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Answer 4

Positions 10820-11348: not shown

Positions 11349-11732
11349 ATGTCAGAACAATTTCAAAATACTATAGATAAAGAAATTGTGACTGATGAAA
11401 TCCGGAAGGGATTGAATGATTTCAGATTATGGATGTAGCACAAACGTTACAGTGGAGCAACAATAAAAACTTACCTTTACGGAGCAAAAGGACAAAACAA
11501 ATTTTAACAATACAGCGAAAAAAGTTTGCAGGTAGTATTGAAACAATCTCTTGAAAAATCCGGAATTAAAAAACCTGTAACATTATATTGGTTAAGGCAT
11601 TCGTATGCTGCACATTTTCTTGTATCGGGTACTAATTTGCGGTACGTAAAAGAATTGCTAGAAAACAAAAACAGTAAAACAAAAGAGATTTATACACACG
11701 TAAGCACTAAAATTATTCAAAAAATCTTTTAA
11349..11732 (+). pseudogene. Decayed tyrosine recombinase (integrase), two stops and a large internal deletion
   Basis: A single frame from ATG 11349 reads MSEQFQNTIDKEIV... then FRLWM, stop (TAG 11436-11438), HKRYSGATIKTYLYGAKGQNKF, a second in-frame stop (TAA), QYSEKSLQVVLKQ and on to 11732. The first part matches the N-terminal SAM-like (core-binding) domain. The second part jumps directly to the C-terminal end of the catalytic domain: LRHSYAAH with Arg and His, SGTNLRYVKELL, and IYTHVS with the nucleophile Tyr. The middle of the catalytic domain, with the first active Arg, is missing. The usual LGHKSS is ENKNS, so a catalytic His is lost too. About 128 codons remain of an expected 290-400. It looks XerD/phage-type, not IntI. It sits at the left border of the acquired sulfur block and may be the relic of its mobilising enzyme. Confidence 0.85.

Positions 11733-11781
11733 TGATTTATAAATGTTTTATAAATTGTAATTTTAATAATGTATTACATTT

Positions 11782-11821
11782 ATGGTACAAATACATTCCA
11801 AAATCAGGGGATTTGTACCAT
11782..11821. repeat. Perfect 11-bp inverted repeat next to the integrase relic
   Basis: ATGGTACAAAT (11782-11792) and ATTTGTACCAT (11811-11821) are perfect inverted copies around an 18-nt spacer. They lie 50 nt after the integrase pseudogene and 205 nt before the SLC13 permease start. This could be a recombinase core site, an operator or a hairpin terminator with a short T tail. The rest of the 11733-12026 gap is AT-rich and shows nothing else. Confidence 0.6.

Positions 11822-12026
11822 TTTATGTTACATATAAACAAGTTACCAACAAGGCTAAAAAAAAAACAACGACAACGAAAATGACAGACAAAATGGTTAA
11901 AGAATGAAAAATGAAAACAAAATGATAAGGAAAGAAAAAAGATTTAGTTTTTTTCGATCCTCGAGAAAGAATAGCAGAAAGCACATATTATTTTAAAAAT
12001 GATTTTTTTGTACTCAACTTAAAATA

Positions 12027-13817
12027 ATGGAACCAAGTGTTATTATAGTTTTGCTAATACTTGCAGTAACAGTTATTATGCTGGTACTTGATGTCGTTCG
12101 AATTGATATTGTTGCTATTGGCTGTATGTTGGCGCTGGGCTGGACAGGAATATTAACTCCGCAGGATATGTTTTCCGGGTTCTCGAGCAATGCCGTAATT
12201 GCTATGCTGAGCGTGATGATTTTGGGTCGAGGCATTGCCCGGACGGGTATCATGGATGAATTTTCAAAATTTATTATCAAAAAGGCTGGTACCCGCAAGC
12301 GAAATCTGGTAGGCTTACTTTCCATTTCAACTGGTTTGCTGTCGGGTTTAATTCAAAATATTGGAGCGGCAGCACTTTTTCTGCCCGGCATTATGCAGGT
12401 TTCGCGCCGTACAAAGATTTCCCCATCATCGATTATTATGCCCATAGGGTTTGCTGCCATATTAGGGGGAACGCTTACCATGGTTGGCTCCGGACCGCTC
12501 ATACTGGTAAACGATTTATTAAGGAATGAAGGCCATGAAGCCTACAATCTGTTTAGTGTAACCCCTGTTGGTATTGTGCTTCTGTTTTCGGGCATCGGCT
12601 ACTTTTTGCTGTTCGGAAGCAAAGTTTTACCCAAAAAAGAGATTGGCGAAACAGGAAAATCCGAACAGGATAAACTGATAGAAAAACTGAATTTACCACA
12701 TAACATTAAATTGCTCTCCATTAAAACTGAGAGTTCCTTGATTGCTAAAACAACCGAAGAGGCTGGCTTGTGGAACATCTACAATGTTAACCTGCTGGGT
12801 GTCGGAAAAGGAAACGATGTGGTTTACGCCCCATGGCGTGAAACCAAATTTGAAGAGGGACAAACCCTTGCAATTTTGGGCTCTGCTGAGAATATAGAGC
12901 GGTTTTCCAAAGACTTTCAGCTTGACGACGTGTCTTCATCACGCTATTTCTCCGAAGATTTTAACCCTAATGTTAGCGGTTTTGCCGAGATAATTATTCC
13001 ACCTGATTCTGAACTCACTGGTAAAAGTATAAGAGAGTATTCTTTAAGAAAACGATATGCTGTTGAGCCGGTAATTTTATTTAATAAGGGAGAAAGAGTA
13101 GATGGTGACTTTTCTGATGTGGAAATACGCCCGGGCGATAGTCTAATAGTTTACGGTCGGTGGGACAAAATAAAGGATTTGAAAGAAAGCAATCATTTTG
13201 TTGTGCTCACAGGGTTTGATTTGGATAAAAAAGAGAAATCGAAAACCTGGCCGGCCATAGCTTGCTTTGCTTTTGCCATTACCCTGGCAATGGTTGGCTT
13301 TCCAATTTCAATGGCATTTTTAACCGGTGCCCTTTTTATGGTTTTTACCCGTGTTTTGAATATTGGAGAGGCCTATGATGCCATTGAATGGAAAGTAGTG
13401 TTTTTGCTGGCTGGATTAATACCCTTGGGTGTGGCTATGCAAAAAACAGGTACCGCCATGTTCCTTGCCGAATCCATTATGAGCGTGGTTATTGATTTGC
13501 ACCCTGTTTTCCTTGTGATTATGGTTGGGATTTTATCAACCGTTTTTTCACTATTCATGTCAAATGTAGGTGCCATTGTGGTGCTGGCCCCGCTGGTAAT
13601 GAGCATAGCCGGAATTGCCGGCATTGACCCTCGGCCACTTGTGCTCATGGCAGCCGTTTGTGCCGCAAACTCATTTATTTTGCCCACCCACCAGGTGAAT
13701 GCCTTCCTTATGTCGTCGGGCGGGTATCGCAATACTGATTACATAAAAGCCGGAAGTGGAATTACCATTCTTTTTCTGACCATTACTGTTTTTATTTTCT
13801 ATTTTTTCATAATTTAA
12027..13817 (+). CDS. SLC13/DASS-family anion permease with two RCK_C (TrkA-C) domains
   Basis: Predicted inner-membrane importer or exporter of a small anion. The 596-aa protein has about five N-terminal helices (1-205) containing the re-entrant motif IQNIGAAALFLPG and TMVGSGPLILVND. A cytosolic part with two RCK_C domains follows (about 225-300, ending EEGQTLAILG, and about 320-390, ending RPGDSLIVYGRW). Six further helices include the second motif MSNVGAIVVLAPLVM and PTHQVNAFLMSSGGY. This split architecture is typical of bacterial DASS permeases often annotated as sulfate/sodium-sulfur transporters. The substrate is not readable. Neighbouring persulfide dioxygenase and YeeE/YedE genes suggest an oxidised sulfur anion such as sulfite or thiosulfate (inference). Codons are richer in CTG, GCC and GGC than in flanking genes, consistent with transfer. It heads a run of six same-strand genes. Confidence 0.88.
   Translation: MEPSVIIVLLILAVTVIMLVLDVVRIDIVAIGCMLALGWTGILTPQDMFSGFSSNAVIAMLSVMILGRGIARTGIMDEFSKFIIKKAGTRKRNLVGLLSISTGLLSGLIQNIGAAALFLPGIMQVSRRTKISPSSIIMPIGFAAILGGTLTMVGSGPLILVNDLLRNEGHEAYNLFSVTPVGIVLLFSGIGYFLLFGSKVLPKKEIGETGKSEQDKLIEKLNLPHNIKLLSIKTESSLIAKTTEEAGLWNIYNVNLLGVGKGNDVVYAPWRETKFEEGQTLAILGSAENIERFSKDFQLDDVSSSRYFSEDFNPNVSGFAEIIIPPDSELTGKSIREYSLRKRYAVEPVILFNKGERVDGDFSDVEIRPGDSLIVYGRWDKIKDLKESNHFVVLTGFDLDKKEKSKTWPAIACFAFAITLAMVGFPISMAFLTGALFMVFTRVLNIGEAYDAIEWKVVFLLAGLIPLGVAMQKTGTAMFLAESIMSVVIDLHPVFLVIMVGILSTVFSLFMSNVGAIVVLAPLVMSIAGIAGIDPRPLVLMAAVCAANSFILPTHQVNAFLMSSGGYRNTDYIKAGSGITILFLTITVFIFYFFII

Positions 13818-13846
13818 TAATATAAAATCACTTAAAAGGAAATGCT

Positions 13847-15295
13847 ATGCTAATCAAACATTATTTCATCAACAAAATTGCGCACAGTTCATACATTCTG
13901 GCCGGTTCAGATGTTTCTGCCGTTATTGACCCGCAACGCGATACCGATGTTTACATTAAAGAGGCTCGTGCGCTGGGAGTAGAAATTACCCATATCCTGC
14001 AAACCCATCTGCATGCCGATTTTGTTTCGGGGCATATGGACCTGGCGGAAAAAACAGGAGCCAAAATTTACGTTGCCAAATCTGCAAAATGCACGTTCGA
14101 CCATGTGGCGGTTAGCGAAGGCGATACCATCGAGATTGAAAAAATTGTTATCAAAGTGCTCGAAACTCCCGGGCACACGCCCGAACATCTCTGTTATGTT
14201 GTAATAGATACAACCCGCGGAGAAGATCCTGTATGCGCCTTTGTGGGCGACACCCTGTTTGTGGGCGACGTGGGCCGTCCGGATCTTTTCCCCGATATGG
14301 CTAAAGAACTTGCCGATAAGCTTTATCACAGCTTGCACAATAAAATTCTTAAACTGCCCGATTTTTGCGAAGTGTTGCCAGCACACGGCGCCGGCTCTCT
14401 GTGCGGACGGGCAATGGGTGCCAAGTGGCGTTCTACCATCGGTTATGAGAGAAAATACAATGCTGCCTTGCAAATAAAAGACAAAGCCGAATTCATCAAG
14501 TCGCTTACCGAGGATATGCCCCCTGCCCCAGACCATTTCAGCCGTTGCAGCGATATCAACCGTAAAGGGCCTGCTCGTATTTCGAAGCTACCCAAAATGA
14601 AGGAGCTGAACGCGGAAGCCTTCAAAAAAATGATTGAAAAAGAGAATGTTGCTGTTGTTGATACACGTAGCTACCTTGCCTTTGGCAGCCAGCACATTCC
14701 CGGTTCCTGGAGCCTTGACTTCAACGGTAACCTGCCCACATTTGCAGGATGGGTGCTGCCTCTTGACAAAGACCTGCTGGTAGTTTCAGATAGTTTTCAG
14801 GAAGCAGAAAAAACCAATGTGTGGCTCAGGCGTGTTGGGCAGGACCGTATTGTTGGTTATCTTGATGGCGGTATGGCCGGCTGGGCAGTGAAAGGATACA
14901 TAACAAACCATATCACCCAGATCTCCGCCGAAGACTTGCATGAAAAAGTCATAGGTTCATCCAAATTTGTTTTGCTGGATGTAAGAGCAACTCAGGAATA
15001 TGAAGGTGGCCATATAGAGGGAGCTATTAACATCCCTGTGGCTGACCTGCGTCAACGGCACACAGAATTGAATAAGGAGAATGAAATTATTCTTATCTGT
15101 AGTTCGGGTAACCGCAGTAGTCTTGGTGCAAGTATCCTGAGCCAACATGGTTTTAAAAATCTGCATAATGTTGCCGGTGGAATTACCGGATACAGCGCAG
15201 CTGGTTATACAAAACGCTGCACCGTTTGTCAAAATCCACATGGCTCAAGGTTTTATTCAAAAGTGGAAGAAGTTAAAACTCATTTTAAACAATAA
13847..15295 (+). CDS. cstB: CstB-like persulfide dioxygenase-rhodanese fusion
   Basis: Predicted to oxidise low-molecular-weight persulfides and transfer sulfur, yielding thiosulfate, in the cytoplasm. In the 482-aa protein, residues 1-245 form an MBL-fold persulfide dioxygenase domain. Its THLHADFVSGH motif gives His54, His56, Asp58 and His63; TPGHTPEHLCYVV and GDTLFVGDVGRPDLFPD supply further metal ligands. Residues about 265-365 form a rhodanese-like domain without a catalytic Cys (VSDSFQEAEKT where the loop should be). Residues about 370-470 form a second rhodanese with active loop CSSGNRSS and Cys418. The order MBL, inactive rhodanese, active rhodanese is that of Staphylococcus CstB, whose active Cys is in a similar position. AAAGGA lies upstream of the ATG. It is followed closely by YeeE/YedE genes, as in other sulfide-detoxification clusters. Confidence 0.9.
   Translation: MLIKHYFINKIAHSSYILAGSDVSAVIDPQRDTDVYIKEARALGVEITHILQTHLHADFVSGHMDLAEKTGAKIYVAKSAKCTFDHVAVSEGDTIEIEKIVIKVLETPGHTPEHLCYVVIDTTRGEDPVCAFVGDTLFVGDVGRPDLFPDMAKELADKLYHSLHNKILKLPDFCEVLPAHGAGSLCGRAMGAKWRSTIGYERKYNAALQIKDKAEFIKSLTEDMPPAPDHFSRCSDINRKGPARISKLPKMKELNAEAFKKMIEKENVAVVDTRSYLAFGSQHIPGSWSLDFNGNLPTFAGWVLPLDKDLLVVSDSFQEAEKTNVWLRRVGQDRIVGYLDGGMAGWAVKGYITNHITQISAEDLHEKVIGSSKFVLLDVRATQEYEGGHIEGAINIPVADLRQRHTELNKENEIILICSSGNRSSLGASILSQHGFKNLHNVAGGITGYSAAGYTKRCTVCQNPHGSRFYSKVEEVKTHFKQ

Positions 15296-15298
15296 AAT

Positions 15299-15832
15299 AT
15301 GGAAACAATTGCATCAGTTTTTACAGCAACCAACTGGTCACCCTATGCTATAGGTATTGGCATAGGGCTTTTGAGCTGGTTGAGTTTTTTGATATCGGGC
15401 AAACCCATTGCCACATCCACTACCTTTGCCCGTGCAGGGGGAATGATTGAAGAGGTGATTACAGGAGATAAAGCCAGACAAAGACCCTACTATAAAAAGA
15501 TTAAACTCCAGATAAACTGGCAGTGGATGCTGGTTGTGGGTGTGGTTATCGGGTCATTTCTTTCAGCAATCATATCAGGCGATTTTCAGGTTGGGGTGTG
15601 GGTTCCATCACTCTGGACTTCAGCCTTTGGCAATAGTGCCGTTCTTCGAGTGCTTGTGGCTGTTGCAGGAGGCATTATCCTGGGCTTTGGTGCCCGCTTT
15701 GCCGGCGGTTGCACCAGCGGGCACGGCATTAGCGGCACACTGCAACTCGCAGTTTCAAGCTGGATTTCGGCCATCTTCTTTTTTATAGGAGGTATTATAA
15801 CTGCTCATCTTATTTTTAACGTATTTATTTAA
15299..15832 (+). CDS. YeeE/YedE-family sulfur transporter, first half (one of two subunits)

1. Endoscopic therapy. The patient has a high-risk lesion—an ulcer with a visible vessel—and the risk of rebleeding over the next 24 hours is very high. Endoscopic therapy in the form of mechanical therapy (eg, clips), thermal therapy (eg, electrocautery), or injection (eg, epinephrine) is successful for treating ulcers in the majority of cases. Surgical consultation would be warranted if endoscopic therapy failed or if the ulcer had perforated the stomach. A nasogastric tube would add little benefit at this point in the patient’s course given that there is no active bleeding and the tube could traumatize the ulcer and produce further bleeding. IV octreotide, which reduces splanchnic blood flow, is routinely used in patients with variceal bleeding, but its use in patients with peptic ulcer bleeding is controversial. Given the high-risk nature of the lesion, observation combined with nothing by mouth status and IV PPI therapy would be inadequate.

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